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This New Beyoncé Illuminati Rumor Is The Weirdest One Yet

The conspiracy theory that Beyoncé is a member of a secret society bent on world domination is obviously absurd, if for no other reason than she's already Queen of the World without anyone's help. But the lunatic fringe, emboldened by the convenience of the internet, isn't backing down from their claims, and this Beyonce-Illuminati rumor might be the weirdest one yet, and that's really saying something. The latest wacky story alleges that Beyoncé was bragging on the set of JAY-Z's "Family Feud" video about her genetic ties to Illuminati elites, because if you're in a secret society, of course you're going to talk openly about it to anyone who will listen.

The fake news site "YourNewsWire" (more on that coming up) claims that she learned about her royal blood via a DNA testing kit she received as a gift from Gwyneth Paltrow's daughter, Apple Martin. I don't know about you, but when I was a young girl, I didn't make it a habit of giving my parents' friends weirdly personal gifts. But they're famous, and maybe they do things a little differently than the rest of us. Beyoncé then supposedly "told close friends and associates" that the test revealed that she's related to the Bushes, the Rockefellers, and the Queen of England. A representative for Beyoncé has not yet returned Romper's request for comment, probably because she has better things to do than email me, "HAHAHAHAHA that's a ridiculously stupid lie!"

First, let's look at the source, "YourNewsWire," which both U.S. and European Union intelligence officials have classified as a Russian propaganda proxy site, according to Media Matters. It was banned from Google's ad network after a write-up in The Sunday Times last year, yet still, the site gets three to five million hits a month, according to the Evening Standard, and reportedly counts E.L. James, Roseanne Barr, and Elijah Wood among its fans. The site has even directly engaged in a feud with Snopes, the very hallmark of internet hoax debunking, according to The Hollywood Reporter.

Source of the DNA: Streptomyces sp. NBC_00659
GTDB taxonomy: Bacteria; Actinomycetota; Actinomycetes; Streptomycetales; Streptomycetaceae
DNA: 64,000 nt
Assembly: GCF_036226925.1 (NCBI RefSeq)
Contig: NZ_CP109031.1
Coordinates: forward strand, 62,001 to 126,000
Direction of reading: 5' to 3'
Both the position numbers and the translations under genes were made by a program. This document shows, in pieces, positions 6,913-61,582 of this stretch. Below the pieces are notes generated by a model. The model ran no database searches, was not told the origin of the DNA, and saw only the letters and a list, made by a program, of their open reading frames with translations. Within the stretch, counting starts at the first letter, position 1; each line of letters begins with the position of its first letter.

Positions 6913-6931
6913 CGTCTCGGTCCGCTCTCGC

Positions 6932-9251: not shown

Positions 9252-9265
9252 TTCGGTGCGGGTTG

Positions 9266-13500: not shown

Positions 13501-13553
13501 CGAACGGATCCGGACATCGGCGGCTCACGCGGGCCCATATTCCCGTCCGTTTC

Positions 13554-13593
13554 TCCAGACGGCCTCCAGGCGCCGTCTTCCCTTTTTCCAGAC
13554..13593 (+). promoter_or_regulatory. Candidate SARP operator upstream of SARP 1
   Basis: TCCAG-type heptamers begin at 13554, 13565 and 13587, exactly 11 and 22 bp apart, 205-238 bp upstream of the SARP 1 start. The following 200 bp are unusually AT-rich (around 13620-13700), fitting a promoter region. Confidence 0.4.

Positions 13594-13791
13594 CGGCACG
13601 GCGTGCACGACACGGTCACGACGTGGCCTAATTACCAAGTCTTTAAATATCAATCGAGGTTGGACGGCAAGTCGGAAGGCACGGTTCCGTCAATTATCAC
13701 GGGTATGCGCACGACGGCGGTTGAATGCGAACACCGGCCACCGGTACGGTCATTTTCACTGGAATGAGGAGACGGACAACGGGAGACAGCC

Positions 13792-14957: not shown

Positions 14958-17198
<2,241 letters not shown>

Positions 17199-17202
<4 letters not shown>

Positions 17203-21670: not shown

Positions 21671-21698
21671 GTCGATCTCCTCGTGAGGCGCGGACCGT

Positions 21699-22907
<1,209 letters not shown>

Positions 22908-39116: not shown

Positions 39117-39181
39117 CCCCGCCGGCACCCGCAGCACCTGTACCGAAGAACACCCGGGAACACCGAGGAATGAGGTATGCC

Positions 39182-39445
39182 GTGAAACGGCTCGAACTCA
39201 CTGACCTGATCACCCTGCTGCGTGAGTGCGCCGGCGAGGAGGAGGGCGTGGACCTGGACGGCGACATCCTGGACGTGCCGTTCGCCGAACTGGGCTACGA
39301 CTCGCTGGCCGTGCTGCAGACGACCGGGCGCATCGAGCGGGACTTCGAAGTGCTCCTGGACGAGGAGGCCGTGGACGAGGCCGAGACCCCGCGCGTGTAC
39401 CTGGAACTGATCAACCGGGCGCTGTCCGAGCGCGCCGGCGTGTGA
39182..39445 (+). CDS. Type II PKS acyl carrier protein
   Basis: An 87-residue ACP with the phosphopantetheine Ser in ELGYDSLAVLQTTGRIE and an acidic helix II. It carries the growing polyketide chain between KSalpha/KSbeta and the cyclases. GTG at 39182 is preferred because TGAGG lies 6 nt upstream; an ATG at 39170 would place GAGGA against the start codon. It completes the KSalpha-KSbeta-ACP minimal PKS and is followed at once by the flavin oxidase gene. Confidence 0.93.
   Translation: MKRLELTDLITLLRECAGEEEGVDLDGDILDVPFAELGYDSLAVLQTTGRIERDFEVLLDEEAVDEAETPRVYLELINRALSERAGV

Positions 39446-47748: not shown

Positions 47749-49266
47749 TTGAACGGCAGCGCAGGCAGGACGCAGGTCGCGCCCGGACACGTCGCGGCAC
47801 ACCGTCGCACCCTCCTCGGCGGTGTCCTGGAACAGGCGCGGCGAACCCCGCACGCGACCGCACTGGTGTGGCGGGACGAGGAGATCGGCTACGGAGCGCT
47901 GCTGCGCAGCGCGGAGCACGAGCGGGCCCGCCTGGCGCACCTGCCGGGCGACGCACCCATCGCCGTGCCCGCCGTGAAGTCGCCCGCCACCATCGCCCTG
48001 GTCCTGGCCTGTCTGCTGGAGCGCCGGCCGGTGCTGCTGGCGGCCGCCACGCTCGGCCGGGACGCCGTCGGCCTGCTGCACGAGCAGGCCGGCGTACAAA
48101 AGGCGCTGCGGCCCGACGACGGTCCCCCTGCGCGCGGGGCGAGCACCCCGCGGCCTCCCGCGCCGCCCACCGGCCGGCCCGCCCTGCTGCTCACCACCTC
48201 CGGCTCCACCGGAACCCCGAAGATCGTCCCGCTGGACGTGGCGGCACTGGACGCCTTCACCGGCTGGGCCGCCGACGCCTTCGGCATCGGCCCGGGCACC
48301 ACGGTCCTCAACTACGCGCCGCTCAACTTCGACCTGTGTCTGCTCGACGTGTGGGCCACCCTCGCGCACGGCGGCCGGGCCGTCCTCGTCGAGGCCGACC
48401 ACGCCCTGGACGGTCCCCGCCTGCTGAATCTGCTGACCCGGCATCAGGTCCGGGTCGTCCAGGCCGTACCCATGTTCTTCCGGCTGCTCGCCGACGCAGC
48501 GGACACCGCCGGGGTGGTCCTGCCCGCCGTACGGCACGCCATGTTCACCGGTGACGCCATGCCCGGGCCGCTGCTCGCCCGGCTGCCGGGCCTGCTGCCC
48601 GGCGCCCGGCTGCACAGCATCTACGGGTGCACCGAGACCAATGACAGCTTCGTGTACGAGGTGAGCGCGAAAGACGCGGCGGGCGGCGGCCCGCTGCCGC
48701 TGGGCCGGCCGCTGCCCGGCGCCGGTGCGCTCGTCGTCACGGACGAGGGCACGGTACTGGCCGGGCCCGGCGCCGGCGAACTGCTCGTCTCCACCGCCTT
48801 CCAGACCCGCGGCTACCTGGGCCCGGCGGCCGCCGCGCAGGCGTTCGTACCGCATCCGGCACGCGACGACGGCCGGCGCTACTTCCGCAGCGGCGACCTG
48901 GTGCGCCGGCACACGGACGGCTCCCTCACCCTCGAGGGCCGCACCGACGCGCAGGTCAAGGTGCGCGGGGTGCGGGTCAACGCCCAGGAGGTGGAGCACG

The byline on YourNewsWire's latest Beyoncé-Illuminati link (no, it's not the first) is attributed to "Baxter Dmitry," a name that The Huffington Post reported is not registered in any U.S. public records. This same author reportedly used a stolen photo of a Latvian computer programmer for his bio until The Sunday Times questioned its veracity and tracked down the real owner. And if that's not enough for you, he was one of the originators of the "Pizzagate" hoax.

If you're the type to play devil's advocate and remind everyone that even a broken clock is right twice a day, there's plenty of additional proof that "y'all haters corny with that Illuminati mess," as Bey so eloquently put it. Despite one-hit wonder Charlie Daniels' claim that the Illuminati is "not a frivolous subject" (and the odd choice by Fox New to not specifically disagree with that), it is not real. Though a real secret society of the same name briefly existed in 18th-Century Bavaria, according to the BBC, the modern idea of the Illuminati was a parody created by Playboy writer Robert Anton Wilson in the 1960s as a way to teach the public critical thinking skills. Boy, did that backfire.

The only "evidence" anyone can seem to point to for proof of Beyoncé's Illuminati ties is her penchant for flashing a hand signal they claim is an Illuminati triangle, though years ago the singer made it clear that it's actually a diamond, and the symbol for her husband's record label. It's incredibly easy to come up with false "clues" if you have a goal in mind (I did so myself for a satire piece last summer), but if you think logically, it's obvious that there's no truth to the matter. Besides, those ancestry DNA kits are also a hoax, so even if Queen Bey is related to Queen Liz, that's clearly not how she heard about it.

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